The free account from Cloudflare also allows you to use a free shared SSL certificate that will work to secure most WordPress sites. (If you plan to use an SSL certificate for things like API integration you’ll need your own certificate – but that’s for another day.)
A couple of other things that a Cloudflare account can do is speed up your site and make it more secure from attacks so it’s a great tool anyway.
Here’s a brief description from their site of how they can help:
“If you sign up with us and point your nameservers to Cloudflare, we take care of the rest for free: validating your domain with one of our Certificate Authority partners, issuing a certificate that covers the apex of your domain and any subdomains (e.g., example.com and *.example.com), deploying that certificate to our 120+ data centers around the world for optimal performance, and renewing the certificate automatically when needed.”
Here’s the process from Cloudflare:
- Create a free Cloudflare account – there are paid versions with more features, but you likely won’t need these
- Change your Nameservers to one that Cloudflare provides – you’ll need access to your DNS either through your current host or say GoDaddy.
- Enable Flexible SSL from Crypto menu on Cloudflare then don’t do anything until you see it says “Active Certificate”
Now the fun starts!
Once you see Active Certificate you can make some changes.
Mixed Content Errors
It is highly likely you will encounter some Mixed Content Errors
Mixed content occurs when a webpage containing a combination of both secure (HTTPS) and non-secure (HTTP) content is delivered over SSL to the browser. Non-secure content can theoretically be read or modified by attackers, even though the parent page is served over HTTPs.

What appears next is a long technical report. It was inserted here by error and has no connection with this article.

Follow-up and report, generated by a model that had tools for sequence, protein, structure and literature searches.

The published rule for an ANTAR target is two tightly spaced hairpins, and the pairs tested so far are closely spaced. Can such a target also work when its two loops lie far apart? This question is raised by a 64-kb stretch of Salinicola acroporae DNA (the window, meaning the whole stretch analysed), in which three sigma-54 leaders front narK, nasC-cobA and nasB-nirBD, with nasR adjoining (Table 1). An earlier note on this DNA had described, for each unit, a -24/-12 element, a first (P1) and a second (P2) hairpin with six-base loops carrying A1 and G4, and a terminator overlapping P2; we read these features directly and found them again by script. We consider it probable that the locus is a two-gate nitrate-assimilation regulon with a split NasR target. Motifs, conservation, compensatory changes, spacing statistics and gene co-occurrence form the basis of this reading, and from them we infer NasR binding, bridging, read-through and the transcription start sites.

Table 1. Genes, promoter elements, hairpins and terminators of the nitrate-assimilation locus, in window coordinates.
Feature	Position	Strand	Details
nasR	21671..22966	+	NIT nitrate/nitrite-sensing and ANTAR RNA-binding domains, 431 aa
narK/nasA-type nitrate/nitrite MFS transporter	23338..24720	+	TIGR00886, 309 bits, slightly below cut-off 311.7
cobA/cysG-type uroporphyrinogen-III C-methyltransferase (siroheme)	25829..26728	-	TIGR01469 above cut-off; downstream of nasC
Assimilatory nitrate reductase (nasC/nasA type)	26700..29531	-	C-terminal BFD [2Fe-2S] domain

So if you’ve got images and scripts with http vs https you won’t be able to create the coveted
If you’re on WordPress the easiest fix is to employ a plugin called http/https remover – this plugin takes the http off of every file and link and allows the server to choose the default https for everything.
Back to Cloudflare
- Now you can tell Cloudflare to default to HTTPS
- Go back to Cloudflare and select the Crypto tab again and scroll down and tick the Always Use HTTPS button
Disclaimer: Let’s hope this works for you – there are countless ways to set up WordPress and so many things that could be done in a fashion will need to be fixed for this to work – I’ve spent a lot of hours finding ways this won’t work and they are plentiful.
If you’re looking for a quick solution, definitely consider an account with these guys. It will help relieve a lot of the stress you likely have around this topic.
While this changes may seem like an inconvenience, they are put in place for a reason, that could ultimately make the internet a safer place. I’d also recommend keeping tabs on further updates from Google as it relates to site security, as it seems like this is the first step in many towards shifting away from HTTP. We’ll also likely see other browsers, such as Firefox, follow in Google’s footsteps.
Have you implemented these changes for your clients? If not, I’d recommend putting a plan in place now.
If you liked this post, check out our Small Business Guide to Website Design.